NunatuKavut injunction denied

Dave Bartlett
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Appeal unlikely, Montague says

NunatuKavut wanted an injunction against environmental hearings on the Muskrat Falls project, but its application was denied this week by the Supreme Court of Newfoundland and Labrador. — File photo by Troy Turner/The Western Star

The Supreme Court of Newfoundland and Labrador has denied Nunatu-Kavut’s application for an injunction against environmental hearings on the Muskrat Falls hydroelectric development.

According to court documents, NunatuKavut — formerly known as the Labrador Metis Nation — filed the injunction because it believed the federal and provincial governments “breached their duty to consult with NunatuKavut” and asked the court to force the province to negotiate an impact benefits agreement with it, as the province did with the Labrador Innu.

Land claim not yet recognized by province or Ottawa

NunatuKavut wanted environmental assessment panel hearings — currently underway — stopped until the other matters were dealt with.

But neither the province nor Ottawa have recognized NunatuKavut’s land claim — at least not yet.

The province has said if Ottawa does recognize a land claim later, it would have to negotiate a benefits agreement.

NunatuKavut president Chris Montague told The Telegram Friday he had high expectations when the case began.

But he said after the case was passed from one judge, to another to a third, his optimism diminished.

“It began to raise eyebrows when they brought in a judge from Grand Bank to actually hear the case,” Montague said.

Justice Garrett Handrigan was the Grand Bank judge who heard each side’s arguments.

Montague went on to say he doesn’t see the denial of the application as being too disappointing.

“It (makes) our path more clear, I guess, in the sense we know what to expect now from the courts and from Nalcor, from this whole process,” he said. “I think it will help us make some very clear decisions.”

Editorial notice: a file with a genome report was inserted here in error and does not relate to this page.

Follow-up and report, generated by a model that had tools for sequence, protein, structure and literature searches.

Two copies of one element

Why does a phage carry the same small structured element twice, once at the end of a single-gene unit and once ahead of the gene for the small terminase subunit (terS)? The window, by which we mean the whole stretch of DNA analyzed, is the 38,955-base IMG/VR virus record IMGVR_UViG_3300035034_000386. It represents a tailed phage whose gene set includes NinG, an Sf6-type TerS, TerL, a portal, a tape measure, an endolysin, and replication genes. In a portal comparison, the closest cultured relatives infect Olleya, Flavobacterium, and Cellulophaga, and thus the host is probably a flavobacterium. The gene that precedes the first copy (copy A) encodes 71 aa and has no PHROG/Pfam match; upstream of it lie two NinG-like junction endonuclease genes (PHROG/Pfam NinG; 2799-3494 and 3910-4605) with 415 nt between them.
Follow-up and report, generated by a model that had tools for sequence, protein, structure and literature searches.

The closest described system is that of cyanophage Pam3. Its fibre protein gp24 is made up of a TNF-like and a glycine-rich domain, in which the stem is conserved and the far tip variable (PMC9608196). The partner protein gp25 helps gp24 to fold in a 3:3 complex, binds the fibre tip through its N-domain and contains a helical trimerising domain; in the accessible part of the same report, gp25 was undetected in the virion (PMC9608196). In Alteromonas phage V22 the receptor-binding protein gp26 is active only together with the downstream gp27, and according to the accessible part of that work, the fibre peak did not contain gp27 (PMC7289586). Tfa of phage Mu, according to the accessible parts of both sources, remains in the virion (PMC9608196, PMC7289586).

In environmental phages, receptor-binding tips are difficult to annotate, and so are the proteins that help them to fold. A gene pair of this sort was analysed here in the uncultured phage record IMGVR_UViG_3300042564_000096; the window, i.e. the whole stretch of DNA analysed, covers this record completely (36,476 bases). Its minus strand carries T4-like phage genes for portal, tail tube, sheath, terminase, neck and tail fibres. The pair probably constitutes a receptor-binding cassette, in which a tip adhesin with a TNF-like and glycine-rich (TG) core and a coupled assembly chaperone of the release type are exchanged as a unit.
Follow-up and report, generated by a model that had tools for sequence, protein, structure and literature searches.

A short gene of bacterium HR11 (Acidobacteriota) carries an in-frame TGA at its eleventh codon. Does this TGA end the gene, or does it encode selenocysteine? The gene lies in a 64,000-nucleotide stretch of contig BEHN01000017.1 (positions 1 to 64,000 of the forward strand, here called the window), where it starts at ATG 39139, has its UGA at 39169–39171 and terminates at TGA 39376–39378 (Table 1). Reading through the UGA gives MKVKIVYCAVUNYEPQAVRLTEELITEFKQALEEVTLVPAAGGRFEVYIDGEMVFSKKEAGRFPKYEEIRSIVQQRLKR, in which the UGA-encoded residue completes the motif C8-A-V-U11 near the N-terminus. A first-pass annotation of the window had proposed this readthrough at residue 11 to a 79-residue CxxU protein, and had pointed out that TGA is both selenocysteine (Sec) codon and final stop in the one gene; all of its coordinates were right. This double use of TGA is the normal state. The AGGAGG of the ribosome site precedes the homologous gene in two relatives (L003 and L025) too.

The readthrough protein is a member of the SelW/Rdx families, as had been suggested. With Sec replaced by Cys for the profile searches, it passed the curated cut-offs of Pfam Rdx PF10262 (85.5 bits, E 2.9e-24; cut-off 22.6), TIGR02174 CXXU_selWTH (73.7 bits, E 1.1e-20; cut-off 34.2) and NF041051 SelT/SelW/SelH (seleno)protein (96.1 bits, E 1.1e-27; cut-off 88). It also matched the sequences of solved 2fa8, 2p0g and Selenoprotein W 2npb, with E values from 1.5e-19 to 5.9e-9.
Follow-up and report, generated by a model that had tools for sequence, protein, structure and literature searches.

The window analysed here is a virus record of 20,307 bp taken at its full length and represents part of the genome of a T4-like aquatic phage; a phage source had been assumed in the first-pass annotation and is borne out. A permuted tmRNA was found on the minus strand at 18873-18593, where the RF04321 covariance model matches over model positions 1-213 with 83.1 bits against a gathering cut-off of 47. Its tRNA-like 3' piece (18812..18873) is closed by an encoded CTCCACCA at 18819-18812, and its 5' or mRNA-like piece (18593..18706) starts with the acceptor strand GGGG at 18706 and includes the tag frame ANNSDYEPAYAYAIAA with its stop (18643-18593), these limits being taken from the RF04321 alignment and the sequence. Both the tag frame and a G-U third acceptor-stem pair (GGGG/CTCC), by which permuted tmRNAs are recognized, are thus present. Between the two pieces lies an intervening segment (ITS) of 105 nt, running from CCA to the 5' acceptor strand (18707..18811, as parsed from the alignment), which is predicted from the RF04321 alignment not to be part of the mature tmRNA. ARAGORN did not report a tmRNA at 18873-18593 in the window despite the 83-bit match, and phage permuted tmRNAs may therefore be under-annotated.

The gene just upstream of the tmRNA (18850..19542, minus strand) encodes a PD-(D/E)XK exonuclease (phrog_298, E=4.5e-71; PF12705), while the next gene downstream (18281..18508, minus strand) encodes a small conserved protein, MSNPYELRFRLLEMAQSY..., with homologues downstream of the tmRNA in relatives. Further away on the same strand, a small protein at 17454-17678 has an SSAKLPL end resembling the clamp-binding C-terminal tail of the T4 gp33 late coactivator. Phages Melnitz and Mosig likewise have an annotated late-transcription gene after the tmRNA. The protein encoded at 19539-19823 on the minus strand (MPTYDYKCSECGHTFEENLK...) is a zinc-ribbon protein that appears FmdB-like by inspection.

Montague said the next step is to meet with his advisers, staff, board and consultants to plot a course forward.

He said it’s possible he may put the issue to a vote of the NunatuKavut membership.

“We have to gauge how the people are feeling about this project and I think the events here will move the people in a more clear direction,” Montague said.

When asked if NunatuKavut would appeal the decision, he said it would be unlikely as the hearings are ongoing and would likely be over by the time the case went back to court.

“But then again, that’s a decision that has to be made because there’s so many flaws in this judgement,” said Montague.

Organizations: Supreme Court, Grand Bank

Geographic location: Newfoundland and Labrador, Ottawa

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Recent comments

  • urknotinuk
    March 30, 2011 - 06:43

    Im glad the case got rejected. The so called Metis nation statted out with Innu heritage then claiming Inuit heritage. Make up your minds people, its starting to look redicilious. If you wanna be Inuit, try your case with the true Inuit, NUNATSIAVUT. It seems if you live in Labrador and dont belong to one of the true aboriginal groups (Innu & Inuit) then you qualify for Metis. The Metis is starting to make a fool of themselves. Stop trying to claim aboriginal rights and land ownership, if it happens its an injustice to the true land owners, the INNU. They metis (who have been here for so many years) say they should get just as much land rights as Innu who have been here for thousands of years -- Going on this theory, overseas workers now in Goose Bay have been here for a year or more, now should be able to claim about a km square of land. Im sure the Metis will understand, they are doing the same thing!

  • Charles Martin
    March 28, 2011 - 22:33

    Judge #1 seemed to start out fair...then three Judges were shuffled about and...low and behold the Provincial Government's very own position stands firm. Seems questionable. Perhaps the rationales for the musical judges should be publicized. Or is that something else the public can't be privy too? Charles Martin

  • Bill
    March 26, 2011 - 17:28